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Five Factors to Consider Before Replacing or Expanding a Building Automation System




September 15, 2011 - Building Automation

Today's tip from comes from James Piper, contributing editor for Building Operating Management: Consider these five factors when considering whether to expand or replace a building automation system.

1. Evolution in the building automation field has brought changes not only in what the systems can accomplish but also in how they accomplish it. While this has led to increased system performance at a lower cost, it has also made many older systems obsolete. Many of those systems simply are not compatible with the architecture employed in new system designs. As a result, if any changes are made to the existing system, they must be made using components compatible with that system.

2. Manufacturers promote the new systems while phasing out the older ones. While most will continue to support older systems for a period of time, there comes a point when it is no longer economically feasible for them to do so. When this occurs, replacement and expansion parts become difficult or impossible to find. Service support may no longer be available.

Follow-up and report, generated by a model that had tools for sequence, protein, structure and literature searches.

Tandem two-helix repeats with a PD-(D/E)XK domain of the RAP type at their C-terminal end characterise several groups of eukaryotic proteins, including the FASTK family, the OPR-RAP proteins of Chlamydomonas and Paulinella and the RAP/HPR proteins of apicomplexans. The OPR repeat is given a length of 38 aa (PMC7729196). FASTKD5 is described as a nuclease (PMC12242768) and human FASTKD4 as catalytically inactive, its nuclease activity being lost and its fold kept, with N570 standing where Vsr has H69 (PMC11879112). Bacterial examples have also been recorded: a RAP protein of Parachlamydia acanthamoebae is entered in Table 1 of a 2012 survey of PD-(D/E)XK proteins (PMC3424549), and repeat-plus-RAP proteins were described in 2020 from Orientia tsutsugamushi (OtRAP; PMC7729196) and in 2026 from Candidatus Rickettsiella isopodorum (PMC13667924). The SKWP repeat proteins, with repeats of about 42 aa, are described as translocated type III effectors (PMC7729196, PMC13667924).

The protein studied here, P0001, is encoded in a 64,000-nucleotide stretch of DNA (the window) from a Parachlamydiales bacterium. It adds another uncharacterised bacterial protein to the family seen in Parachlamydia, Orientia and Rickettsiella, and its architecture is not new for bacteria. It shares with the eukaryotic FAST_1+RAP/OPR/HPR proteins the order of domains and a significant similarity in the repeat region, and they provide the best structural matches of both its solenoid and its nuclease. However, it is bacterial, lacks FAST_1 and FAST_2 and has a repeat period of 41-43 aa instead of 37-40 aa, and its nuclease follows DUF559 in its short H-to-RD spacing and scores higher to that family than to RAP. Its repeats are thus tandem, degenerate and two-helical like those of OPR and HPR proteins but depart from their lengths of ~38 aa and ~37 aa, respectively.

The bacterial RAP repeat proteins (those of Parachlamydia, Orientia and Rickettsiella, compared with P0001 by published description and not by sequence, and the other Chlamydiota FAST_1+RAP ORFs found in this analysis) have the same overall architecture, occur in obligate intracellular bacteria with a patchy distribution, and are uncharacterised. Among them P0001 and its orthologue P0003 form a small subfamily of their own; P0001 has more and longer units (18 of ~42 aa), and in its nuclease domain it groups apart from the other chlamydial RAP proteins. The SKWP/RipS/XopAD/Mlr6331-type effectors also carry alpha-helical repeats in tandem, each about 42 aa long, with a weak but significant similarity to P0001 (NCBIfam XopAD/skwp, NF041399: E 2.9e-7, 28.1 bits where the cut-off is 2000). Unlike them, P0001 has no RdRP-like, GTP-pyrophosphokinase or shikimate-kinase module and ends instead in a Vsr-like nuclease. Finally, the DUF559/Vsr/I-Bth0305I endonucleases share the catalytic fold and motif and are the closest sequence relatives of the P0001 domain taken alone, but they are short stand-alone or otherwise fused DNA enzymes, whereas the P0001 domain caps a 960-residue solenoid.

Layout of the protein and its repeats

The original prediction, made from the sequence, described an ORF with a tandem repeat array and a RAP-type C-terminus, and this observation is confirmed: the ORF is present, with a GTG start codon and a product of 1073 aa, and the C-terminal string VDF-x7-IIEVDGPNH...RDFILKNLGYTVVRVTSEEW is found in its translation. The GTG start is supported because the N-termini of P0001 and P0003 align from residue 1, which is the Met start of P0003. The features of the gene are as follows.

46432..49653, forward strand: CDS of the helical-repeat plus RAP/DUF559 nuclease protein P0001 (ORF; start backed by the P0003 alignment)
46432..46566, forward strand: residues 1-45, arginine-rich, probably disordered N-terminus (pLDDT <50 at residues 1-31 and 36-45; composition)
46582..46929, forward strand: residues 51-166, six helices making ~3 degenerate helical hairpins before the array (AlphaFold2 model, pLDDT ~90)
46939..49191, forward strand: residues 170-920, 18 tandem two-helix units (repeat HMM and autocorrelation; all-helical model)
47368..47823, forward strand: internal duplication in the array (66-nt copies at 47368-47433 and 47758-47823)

3. Some limitations of existing systems may be the result of the way the system has been operated and maintained. Some system owners fail to keep up with upgrades to the system's software, firmware and hardware. These upgrades often serve to correct past operating problems as well as to offer system enhancements. Without them, system performance will suffer, particularly in comparison to new and upgraded systems.

4. Talk to those who operate, maintain, and work with the existing systems to identify strengths and the weaknesses. The operating staff can also help to determine if the number of problems is remaining constant, increasing or decreasing.

5. Finally, determine how well the existing system is being maintained. What might be perceived as a system limitation may be the result of a lack of proper maintenance. If the existing system is not being properly maintained, how can management ensure that the new system will not suffer the same consequences?

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